This Mexican brand is seduced by its country’s rich craft for new limited-edition objects

From left, Manuel Bañó, Age Salajõe and Hector Esrawe of Mexican furniture brand Ewe.
From left, Manuel Bañó, Age Salajõe and Hector Esrawe of Mexican furniture brand Ewe. Photography: Pia Riverola.
(Image credit: Pia Riverola)

Hector Esrawe is a Mexican designer with an international reputation who looks to his own backyard for inspiration. ‘A constant reference is the National Museum of Anthropology in Mexico City,’ he says. ‘I’m seduced by the stone carvings that appear on everything from ceremonial utensils to monumental sculptures.’ This pre-Columbian treasure trove, filled with Aztec goddesses and Mayan murals, is one of the capital’s unmissable sights and has informed all the limited-edition, handmade pieces Esrawe has made under his Ewe label.

A room with wooden walls, wooden floors, a magma shaped floor lamp, a table with a rock shaped base and a three legged chair with a small back rest.

Magma floor lamp, $14,800; Humo table, $27,000; Ceniza chair, $2,400, all by Ewe. Photography: Pia Riverola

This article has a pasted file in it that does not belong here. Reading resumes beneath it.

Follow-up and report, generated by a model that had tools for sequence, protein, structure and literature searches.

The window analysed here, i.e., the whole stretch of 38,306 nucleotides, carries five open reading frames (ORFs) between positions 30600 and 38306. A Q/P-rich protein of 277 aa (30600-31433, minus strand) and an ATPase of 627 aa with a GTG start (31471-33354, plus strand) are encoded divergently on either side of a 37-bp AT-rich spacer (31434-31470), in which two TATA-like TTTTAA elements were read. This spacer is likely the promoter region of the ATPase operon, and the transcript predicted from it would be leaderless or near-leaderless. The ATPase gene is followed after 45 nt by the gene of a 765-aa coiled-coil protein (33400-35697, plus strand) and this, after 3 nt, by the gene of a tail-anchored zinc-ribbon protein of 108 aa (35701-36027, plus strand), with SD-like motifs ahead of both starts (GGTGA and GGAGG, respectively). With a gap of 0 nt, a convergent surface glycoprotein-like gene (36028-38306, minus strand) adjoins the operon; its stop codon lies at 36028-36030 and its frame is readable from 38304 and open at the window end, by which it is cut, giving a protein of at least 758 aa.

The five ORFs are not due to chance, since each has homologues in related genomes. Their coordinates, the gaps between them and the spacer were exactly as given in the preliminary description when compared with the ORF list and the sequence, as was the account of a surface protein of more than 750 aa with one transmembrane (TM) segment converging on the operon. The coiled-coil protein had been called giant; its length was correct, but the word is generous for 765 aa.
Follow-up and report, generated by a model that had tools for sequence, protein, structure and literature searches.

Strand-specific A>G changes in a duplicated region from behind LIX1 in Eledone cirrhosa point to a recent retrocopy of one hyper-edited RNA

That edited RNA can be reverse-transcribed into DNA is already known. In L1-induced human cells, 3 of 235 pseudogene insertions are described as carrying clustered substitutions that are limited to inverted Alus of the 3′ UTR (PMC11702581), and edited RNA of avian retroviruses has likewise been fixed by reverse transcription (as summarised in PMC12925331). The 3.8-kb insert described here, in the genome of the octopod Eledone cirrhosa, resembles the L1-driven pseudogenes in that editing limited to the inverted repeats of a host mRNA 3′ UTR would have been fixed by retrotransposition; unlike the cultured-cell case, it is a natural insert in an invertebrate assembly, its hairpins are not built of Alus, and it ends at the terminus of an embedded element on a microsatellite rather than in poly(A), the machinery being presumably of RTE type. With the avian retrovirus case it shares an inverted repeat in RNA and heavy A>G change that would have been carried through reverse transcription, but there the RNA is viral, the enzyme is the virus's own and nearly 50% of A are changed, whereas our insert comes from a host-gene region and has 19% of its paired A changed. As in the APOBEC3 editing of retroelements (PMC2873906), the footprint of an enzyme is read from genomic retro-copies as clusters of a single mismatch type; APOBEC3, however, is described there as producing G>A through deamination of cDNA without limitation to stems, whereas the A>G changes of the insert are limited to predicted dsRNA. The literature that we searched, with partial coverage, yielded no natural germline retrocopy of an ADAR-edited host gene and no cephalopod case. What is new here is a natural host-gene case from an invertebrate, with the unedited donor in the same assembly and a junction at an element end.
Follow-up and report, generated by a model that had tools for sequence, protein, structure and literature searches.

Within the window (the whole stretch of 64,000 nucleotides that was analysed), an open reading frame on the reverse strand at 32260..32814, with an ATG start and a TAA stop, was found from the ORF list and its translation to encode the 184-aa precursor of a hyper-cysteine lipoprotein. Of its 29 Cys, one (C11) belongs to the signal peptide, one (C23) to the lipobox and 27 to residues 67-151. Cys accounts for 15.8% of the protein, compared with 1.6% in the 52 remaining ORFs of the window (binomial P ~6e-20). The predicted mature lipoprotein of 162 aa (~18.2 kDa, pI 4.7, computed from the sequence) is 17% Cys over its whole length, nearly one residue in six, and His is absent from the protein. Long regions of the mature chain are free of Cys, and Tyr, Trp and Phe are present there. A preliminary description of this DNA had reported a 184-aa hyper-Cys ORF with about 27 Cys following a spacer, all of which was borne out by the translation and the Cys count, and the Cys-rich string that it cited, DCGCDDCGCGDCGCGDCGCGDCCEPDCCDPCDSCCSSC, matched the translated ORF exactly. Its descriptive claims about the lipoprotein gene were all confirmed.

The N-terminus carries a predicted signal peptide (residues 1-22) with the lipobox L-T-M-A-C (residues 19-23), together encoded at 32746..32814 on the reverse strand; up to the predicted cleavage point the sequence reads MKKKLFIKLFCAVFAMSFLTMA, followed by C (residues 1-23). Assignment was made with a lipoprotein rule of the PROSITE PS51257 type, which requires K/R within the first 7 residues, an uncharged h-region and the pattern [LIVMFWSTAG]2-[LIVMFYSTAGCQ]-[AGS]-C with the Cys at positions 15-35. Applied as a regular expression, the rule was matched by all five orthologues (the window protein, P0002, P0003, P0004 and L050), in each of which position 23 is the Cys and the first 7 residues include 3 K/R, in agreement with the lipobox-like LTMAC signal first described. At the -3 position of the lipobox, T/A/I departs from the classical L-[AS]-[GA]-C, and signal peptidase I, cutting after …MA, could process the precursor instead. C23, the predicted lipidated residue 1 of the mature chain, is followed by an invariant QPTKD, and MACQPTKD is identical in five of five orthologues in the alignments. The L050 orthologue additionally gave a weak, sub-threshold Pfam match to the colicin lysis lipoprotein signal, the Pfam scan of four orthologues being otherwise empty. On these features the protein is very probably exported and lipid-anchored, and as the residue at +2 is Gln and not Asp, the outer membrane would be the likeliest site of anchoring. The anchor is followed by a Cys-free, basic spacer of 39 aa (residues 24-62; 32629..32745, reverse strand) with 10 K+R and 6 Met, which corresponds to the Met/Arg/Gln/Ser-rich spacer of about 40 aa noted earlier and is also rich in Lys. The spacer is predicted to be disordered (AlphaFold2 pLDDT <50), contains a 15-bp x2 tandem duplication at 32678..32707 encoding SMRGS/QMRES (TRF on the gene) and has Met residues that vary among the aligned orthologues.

(Image credit: Pia Riverola)

Ewe was founded last year by Spaniard Manuel Bañó, Estonian-born Age Salajõe and Esrawe (pictured above, left to right), and draws on the skills and techniques of Mexican craftsmen. ‘We travel all over the country researching everything from clay and wood carving to copper,’ says Esrawe. ‘We then collaborate with artisans, translating their skills into new languages.’ Ewe’s new Alquimia collection, which launched at this year’s Zona Maco art fair, includes the Magma lamp, hand-blown in volcanic stone moulds by Mexico’s Nouvel Studio; the burnt steel and oak Humo table featuring black marble from Orizaba; and the three-legged Ceniza chair, assembled using an ancient technique called espiga vista.

A few years ago, launching limited-edition Mexican objects with price tags in the thousands, in Mexico, would have been unthinkable. But the country is becoming a major player on the world design stage. ‘We still can’t talk about a consolidated design scene in Mexico,’ says Esrawe. ‘But we do have a rich tradition of craft, more consumers wanting Mexican design, and a young generation of designers looking back to their heritage with pride.’

As originally featured in the April 2018 issue of Wallpaper* (W*229)


For more information, visit the Ewe website

Emma O'Kelly is a freelance journalist and author based in London. Her books include Sauna: The Power of Deep Heat and she is currently working on a UK guide to wild saunas, due to be published in 2025.